Thame Remembers Able Seaman Sidney Alfred Richardson
Sydney Alfred Richardson was born in Bicester on the 2nd January 1911. He was the son of Edwin Richardson, a shoeing smith, and Florence Richardson (nee Harris).
By the start of the Great War, the family had moved back to Thame, and were living in Nelson Street. His father went on to serve with the RASC during the war.
In 1926, Sydney enlisted as a “Boy” in the Royal Navy, and after training at HMS Ganges, at Shotley in Suffolk, his first sea posting was on the battleship HMS Emperor of India, and then in 1927 the newly commissioned battleship HMS Nelson.
By 1942, P/JX 126446 Able Seaman Sidney Alfred Richardson, had completed his 12 years service with the Royal Navy, and was assigned to HMS President III, the establishment for training DEMS (Defensively Equipped Merchant Ship) gunners and sailors.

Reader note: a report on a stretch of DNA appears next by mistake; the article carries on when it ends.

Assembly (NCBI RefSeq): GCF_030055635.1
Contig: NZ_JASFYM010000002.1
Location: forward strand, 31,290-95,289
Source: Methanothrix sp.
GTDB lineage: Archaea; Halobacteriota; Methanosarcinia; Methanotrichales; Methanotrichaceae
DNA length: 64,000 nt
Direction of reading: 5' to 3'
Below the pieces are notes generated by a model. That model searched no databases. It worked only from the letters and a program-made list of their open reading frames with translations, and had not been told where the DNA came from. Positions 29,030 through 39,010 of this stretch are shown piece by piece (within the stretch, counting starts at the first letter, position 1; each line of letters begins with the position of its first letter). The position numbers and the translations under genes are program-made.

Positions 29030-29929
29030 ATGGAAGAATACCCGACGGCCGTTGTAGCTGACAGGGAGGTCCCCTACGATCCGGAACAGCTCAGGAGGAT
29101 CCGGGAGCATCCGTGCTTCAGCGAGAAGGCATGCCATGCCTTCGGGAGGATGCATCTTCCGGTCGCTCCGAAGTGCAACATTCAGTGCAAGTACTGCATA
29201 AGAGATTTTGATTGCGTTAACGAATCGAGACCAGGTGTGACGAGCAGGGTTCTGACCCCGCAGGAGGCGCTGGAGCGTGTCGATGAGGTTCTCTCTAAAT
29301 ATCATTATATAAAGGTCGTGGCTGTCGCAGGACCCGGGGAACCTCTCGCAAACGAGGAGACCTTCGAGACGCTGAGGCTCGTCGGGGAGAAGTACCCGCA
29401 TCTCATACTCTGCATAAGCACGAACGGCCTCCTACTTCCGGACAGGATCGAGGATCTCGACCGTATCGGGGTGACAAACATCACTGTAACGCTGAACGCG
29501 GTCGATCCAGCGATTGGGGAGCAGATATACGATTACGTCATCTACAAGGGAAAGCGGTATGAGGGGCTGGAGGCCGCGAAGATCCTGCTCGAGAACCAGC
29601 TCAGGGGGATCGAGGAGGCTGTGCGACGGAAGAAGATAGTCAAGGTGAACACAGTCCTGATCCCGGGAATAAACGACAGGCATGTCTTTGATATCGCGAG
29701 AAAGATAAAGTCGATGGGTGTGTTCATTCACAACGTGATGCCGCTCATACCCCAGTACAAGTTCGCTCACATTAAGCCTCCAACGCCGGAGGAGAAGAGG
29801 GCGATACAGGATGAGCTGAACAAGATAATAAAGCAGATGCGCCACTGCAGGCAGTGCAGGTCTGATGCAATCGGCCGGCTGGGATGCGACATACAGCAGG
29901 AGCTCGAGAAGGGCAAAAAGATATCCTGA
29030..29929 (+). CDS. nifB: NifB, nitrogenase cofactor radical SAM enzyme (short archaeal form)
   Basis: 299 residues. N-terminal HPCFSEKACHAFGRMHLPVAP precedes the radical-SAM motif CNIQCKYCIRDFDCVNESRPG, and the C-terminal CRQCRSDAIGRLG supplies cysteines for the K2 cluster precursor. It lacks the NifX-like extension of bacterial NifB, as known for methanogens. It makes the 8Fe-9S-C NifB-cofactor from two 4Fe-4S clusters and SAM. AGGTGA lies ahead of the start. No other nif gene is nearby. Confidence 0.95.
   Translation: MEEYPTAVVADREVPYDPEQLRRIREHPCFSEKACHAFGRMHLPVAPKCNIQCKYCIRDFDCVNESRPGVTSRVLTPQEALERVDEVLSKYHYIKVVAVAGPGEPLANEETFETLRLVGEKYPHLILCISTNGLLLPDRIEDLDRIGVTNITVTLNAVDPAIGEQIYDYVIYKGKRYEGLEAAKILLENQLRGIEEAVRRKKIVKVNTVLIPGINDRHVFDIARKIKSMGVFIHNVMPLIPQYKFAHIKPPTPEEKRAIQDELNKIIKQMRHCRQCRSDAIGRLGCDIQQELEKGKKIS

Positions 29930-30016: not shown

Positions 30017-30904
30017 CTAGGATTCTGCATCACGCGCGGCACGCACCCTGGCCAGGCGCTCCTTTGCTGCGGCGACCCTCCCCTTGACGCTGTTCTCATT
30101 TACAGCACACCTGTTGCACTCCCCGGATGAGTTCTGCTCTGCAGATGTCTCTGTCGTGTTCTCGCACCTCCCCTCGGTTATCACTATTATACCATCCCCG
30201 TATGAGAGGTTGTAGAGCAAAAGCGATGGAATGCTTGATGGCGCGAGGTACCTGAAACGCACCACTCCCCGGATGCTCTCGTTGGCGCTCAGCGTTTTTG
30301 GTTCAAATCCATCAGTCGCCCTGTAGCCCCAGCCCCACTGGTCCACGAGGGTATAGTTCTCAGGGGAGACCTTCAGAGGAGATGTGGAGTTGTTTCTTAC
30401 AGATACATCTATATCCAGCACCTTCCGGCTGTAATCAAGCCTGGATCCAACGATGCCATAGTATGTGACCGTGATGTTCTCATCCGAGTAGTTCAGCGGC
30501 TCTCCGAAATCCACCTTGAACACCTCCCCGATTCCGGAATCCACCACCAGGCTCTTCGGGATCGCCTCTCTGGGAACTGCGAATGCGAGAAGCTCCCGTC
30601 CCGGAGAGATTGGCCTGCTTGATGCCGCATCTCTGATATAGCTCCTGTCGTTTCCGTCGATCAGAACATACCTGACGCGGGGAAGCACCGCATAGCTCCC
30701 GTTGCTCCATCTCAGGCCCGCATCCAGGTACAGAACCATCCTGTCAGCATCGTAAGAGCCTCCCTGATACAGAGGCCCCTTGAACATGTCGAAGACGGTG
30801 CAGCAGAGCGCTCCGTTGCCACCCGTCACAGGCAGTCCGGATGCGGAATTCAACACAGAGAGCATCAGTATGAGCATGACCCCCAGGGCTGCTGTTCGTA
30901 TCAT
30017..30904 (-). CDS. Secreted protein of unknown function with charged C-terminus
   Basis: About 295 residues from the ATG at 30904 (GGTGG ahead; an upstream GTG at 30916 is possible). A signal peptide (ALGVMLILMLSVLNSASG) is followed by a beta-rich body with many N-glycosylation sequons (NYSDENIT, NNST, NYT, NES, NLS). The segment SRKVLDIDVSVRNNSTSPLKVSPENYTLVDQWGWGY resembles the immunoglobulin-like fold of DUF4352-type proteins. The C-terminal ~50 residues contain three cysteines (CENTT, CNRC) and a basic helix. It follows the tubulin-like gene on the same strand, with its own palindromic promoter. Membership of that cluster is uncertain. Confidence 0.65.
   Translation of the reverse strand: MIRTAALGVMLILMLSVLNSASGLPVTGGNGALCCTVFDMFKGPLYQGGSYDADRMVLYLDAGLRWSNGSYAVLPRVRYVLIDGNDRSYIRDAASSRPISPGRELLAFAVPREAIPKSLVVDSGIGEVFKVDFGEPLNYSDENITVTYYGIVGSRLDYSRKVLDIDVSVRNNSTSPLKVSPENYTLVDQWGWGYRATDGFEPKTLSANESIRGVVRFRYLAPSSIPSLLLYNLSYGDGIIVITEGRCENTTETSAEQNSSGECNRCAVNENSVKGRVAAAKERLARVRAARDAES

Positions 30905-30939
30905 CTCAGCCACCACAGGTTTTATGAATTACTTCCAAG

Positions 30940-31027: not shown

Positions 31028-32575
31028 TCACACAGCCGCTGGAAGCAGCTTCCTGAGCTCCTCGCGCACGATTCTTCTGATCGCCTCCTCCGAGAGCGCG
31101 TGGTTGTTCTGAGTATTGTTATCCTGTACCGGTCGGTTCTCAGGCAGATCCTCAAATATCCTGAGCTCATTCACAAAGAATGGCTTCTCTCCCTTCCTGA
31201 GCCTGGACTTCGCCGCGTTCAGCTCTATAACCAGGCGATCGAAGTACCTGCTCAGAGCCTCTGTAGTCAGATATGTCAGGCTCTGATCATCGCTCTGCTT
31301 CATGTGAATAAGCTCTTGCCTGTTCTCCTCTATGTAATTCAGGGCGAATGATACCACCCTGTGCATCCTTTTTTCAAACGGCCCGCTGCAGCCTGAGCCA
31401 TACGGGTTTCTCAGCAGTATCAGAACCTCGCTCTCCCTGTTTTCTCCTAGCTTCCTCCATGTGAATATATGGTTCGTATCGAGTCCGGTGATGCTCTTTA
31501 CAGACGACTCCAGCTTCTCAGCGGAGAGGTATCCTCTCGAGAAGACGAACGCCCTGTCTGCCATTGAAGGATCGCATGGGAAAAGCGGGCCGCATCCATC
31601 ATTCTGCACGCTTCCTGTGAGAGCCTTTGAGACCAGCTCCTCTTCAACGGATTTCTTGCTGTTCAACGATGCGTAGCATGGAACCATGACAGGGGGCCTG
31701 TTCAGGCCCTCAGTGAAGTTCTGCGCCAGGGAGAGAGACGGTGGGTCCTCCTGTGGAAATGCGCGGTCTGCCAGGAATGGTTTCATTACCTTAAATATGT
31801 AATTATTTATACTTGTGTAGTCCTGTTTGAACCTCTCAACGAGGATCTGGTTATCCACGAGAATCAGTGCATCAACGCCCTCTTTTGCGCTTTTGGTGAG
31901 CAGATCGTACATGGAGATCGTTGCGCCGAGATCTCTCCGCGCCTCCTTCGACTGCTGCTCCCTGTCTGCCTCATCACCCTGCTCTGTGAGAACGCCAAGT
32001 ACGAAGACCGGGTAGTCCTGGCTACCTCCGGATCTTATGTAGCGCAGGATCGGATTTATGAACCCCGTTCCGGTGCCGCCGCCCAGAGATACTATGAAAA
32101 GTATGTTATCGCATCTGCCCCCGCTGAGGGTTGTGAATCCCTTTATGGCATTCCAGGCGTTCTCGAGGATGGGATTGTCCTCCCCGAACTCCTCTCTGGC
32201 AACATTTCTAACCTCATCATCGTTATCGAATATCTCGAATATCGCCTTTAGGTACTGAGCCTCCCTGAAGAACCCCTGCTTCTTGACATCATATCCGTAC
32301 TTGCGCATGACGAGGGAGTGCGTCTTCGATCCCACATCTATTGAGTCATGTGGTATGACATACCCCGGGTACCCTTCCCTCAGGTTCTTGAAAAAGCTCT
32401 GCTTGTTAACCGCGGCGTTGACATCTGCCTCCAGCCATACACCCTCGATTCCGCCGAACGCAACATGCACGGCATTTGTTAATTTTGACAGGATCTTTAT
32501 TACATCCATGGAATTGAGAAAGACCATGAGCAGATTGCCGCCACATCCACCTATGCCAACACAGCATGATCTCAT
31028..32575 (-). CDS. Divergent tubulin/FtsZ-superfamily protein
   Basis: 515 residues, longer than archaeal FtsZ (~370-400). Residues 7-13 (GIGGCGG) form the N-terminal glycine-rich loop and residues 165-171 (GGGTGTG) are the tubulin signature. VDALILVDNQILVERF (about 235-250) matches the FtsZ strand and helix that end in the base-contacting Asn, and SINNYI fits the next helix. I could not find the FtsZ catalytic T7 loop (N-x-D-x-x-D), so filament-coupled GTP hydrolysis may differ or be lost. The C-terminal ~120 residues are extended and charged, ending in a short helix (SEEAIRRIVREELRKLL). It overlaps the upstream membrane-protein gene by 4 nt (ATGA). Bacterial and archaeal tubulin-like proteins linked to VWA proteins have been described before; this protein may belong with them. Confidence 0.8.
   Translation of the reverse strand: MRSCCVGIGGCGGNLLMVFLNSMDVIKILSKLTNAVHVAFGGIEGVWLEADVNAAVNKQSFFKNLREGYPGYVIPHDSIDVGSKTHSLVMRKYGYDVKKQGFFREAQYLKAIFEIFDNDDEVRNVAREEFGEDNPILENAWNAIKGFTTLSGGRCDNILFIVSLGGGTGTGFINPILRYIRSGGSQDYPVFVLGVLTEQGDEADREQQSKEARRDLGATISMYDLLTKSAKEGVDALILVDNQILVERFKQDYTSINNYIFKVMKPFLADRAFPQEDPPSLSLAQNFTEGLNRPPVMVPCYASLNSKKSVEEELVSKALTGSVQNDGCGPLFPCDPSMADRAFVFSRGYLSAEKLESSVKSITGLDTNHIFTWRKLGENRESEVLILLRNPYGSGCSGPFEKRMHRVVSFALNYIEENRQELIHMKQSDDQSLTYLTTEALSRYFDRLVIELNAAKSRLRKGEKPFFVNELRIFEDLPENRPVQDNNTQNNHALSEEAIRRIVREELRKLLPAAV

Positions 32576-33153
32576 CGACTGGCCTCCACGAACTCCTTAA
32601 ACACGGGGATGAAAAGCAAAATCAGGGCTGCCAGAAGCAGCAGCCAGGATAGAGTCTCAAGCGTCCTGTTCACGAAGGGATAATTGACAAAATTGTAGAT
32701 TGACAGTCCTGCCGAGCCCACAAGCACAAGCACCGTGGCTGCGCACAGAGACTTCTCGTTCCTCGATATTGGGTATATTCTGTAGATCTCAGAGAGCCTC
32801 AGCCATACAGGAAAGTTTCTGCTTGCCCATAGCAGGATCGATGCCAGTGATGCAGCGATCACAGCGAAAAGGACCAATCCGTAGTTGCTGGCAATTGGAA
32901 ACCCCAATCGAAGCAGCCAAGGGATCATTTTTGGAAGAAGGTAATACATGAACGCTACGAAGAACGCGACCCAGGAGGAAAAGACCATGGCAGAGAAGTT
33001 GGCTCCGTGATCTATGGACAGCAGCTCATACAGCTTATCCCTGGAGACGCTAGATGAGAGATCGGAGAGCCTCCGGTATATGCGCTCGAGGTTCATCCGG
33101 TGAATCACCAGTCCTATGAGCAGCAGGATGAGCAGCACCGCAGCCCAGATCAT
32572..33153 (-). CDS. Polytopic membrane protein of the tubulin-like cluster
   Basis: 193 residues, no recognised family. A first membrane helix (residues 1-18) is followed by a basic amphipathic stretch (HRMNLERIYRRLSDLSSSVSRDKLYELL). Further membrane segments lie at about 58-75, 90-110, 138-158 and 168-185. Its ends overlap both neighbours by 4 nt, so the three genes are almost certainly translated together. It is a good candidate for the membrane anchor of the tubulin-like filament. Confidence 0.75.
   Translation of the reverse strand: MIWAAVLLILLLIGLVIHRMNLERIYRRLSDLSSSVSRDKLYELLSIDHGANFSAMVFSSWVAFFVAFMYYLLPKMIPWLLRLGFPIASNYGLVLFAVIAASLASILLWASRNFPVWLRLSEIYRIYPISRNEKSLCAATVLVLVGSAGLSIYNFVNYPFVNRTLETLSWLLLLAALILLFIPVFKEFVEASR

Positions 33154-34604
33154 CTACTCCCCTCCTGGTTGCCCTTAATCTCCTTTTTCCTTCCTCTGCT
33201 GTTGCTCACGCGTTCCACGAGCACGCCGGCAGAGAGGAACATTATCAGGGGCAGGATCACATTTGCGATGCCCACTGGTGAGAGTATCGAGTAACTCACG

On 1st November 1942 Sydney was a DEMS gunner on the troop transport ship SS Mendoza when she was torpedoed and sunk by the German submarine U-178. He was one of a large number of crew and service personnel lost when the ship went down approximately about 70 nautical miles ENE of Durban, South Africa. He was 31 years old, and left a wife, Ethel Florence Richardson.
His name is commemorated on the Portsmouth Naval Memorial, and on the Thame War Memorial